Statsbiblioteket (The State and University Library, Aarhus, hereafter called SB) welcomed a group of people from The Royal Library, The National Archives, and Danish e-Infrastructure Cooperation on June 25, 2014. They were invited for our SCAPE Demo day where some of SCAPE’s results and tools were presented. Bjarne S. Andersen, Head of IT Technologies, welcomed everybody and then our IT developers presented and demonstrated SB’s SCAPE work.
The day started with a nice introduction to the SCAPE project by Per Møldrup-Dalum, including short presentations of some of the tools which would not be presented in a demo. Among others this triggered questions about how to log in to Plato – a Preservation Planning Tool developed in SCAPE.
Per continued with a presentation about Hadoop and its applications. Hadoop is a large and complex technology, which was already decided to use before the project started. This has resulted in some discussion during the project, but Hadoop has proven really useful for large-scale digital preservation. Hadoop is available both as open source and as commercial distributions. The core concept of Hadoop is the MapReduce algorithm which was presented in the paper “MapReduce: Simplified Data Processing on Large Clusters” in 2004 by Jeffrey Dean and Senjay Ghemawat. This paper prompted Cutting and Cafarella to implement Hadoop and they published their system under an open source license. Writing jobs for Hadoop has traditionally been done by using the Java programming language, but in the recent years several alternatives to Java have been introduced, e.g. Pig Latin and Hive Other interesting elements in a Hadoop cluster are HBase, Mahout, Giraph, Zookeeper and a lot more. At SB we use an Isilon Scale-Out NAS storage cluster which enables us to make a lot of different experiments on the four 96GB RAM CPU nodes each with a 2 Gbit Ethernet interface. This setup potentially makes the complete online storage of SB reachable for the Hadoop cluster.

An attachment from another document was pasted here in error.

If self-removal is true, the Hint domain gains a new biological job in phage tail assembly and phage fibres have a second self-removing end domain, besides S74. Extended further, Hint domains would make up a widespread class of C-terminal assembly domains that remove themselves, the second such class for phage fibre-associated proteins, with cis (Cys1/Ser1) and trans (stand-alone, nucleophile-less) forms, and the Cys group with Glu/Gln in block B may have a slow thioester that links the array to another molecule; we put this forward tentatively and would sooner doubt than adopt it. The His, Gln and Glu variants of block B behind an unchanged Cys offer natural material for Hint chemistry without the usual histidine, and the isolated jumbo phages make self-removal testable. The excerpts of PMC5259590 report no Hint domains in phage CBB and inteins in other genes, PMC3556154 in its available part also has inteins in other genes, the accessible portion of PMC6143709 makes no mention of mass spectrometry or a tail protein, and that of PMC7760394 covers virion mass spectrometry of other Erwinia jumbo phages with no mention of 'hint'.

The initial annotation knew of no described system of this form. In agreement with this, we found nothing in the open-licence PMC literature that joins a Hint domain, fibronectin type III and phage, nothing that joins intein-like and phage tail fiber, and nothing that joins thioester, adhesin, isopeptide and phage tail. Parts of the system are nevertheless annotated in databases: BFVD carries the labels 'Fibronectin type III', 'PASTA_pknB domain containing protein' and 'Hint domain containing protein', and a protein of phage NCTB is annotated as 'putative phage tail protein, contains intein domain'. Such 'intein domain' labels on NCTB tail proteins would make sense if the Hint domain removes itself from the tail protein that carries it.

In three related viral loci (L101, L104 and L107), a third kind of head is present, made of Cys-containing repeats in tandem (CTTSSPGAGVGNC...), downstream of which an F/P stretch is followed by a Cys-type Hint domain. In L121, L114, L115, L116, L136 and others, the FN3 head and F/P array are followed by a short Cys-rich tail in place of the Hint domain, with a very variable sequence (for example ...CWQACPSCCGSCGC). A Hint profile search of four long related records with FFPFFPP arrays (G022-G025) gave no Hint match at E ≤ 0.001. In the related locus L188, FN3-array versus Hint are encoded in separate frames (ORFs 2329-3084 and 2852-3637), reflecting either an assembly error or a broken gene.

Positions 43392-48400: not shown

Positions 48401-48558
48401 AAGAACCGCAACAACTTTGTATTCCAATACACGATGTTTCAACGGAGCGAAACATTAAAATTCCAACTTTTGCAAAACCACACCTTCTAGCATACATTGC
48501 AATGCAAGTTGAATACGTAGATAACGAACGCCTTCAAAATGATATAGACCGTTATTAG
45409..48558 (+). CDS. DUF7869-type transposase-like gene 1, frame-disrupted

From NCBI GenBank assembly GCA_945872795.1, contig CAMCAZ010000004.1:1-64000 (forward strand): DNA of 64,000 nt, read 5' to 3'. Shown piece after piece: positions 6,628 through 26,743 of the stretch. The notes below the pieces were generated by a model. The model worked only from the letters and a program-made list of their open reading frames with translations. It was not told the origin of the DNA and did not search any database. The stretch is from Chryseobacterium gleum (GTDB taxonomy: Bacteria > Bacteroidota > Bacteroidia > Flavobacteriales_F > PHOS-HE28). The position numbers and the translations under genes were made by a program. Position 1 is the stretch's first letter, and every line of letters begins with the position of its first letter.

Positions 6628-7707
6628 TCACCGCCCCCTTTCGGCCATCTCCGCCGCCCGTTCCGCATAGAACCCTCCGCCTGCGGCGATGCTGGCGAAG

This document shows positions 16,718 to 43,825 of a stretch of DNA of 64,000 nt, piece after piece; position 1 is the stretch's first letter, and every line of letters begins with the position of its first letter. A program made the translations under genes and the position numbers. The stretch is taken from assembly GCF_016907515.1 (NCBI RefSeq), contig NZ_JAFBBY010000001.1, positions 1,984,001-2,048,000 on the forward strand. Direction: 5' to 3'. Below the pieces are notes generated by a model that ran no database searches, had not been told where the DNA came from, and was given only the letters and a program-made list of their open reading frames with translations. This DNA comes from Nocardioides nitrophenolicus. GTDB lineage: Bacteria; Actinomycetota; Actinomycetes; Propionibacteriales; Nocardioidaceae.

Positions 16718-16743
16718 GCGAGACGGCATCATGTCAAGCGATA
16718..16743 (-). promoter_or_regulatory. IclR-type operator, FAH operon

Bolette A. Jurik was next in line and told the story about how Statsbiblioteket wanted to migrate audio files using Hadoop (and Taverna…. and xcorrSound Waveform Compare). The files were supposed to be migrated from mp3 to wav. Checking this collection in Plato gave us the result ‘Do nothing’ – meaning leave the files as mp3. But we still wanted to perform the experiment – to test that we have the tools to migrate, extract and compare properties, validate the file format and compare the content of the mp3 and wav files, and that we can create a scalable workflow for this.". We did not have a tool for the content comparison, so we had to develop one, xcorrSound waveform-compare. The output shows which files need special attention – as an example one of the files failed the waveform comparison although it looked right. This was due to a lack of content in some parts of the file so Waveform Compare had no sound to compare! Bolette also asked her colleagues to create "migrated" soundfiles with problems that the tool would not find – read more about this small competition in this blog post.
Then Per was up for yet another presentation – this time describing the experiment: Identification and feature extraction of web archive data based on Nanite. The test was to extract different kinds of metadata (like authors, GPS coordinates for photographs etc.) using Apache Tika, DROID, (and libmagic) . The experiment was run on the Danish Netarchive (archiving of the Danish web – a task undertaken by The Royal Library and SB together). For the live demo a small job with only three ARC files was used – taking all of the 80,000 files in the original experiment would have lasted 30 hours. Hadoop generates loads of technical metadata that enables us to analyse such jobs in detail after the execution. Per’s presentation was basically a quick review of what is described in the blog post A Weekend With Nanite.